Good and bad

The reason why I find this and this (and this) worth of my attention (and money), while I find this, this, and this (and this too) trite and unattractive, is not that the former are good and the latter are bad.

It’s that the former target a specific audience to which I apparently belong.

I don’t believe in good and bad marketing, but I do believe in effective and non-effective marketing. Know who you are selling to, know what you are selling, and make the match.

All the rest is non-effective.

Fraud

Perhaps thinking that 88% of digital ad clicks are fraudulent is an exaggeration. And perhaps it is true that digital ads are so cheap that at the end of the day ad fraud is not a big issue.

But at some point, as marketers, we will have to acknowledge the big hallucination we are living through.

Influencers can buy fake followers by the truckload — roughly 20% of them are fake. Approximately 40% of Donald Trump’s followers are likely bots. Social media platforms are rife with cats and bots: Facebook admits to shutting down billions of fake accounts on its platform every year. Even app store installs are fake. Bots/click-farmers download 1 in 5 iOS apps. On the Android platform it’s 1 in 4.

Scott Galloway, here

Might this be one of the reasons why CMO tenure is at the lowest in more than a decade?

And when is the last time you have had a digital ad ignite your buying process?

No customer

Beyond the headline below, there is a committee.

There is marketing with an idea. There is sales with a preferred way to tell about the product. There is the executive team with their years of tenure and the history of the organisation. There is product with a use case, and product marketing with the results of market research.

And of course, there is no customer.

Hook

Every product presentation in B2B and Saas goes like: here is our product, here is what it does, here is why it is different, do you have any questions? And the audience feels like being at a party where the host only talks about themselves.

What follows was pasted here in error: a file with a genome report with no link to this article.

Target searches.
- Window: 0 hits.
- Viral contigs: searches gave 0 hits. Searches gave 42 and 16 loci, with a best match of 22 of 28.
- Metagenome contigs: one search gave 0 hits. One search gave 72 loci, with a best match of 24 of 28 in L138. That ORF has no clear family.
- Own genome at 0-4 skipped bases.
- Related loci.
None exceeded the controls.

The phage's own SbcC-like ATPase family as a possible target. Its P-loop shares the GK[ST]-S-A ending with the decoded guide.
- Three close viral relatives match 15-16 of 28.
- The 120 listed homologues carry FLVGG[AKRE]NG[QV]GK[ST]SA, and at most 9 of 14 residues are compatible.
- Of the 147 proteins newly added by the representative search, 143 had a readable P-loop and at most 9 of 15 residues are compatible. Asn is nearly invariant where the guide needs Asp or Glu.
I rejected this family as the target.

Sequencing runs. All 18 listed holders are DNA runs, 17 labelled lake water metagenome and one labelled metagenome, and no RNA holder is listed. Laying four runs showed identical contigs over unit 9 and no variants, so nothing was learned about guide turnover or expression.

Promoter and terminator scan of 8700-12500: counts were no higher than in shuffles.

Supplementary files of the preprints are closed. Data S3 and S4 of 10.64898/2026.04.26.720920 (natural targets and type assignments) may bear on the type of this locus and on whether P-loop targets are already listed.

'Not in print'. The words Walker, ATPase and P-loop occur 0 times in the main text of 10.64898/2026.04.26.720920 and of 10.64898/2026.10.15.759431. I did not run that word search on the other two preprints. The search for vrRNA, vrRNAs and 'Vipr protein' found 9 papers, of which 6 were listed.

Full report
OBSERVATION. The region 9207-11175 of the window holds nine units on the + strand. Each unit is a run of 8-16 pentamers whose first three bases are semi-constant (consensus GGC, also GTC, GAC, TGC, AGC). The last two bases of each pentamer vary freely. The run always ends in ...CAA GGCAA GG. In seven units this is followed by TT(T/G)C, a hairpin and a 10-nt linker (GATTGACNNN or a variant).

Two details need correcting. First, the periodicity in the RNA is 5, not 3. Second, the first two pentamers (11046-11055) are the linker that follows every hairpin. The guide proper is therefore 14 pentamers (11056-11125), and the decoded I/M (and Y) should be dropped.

Why not try instead: you start your day at the office with a cup of coffee, and instead of *normal situation that causes pain*, this happens. Followed by a detailed description of how the new way of working looks and feels like, from the perspective of who you are talking with.

We know how to tell a story. We just need to stop pretending that when it comes to business people do care about different things. They don’t. They are people. And at least at the beginning, you have to hook them with something that is relevant to them.

To feel dumb

Imagine this.

Most texts on writing style encourage authors to avoid overly-complex words. However, a majority of undergraduates admit to deliberately increasing the complexity of their vocabulary so as to give the impression of intelligence.

As this.

Most texts on writing style encourage authors to avoid overly-complex words. However, a majority of corporate websites deliberately increase the complexity of their vocabulary so as to give the impression of expertise.

The paper introduced by the first text found that students using more difficult words actually end up giving the exact opposite impression: “needless complexity leads to negative evaluation”.

Using a very non-scientific method, I’d like to extend the findings to the situation I made up in the second text.

Nobody likes to feel dumb.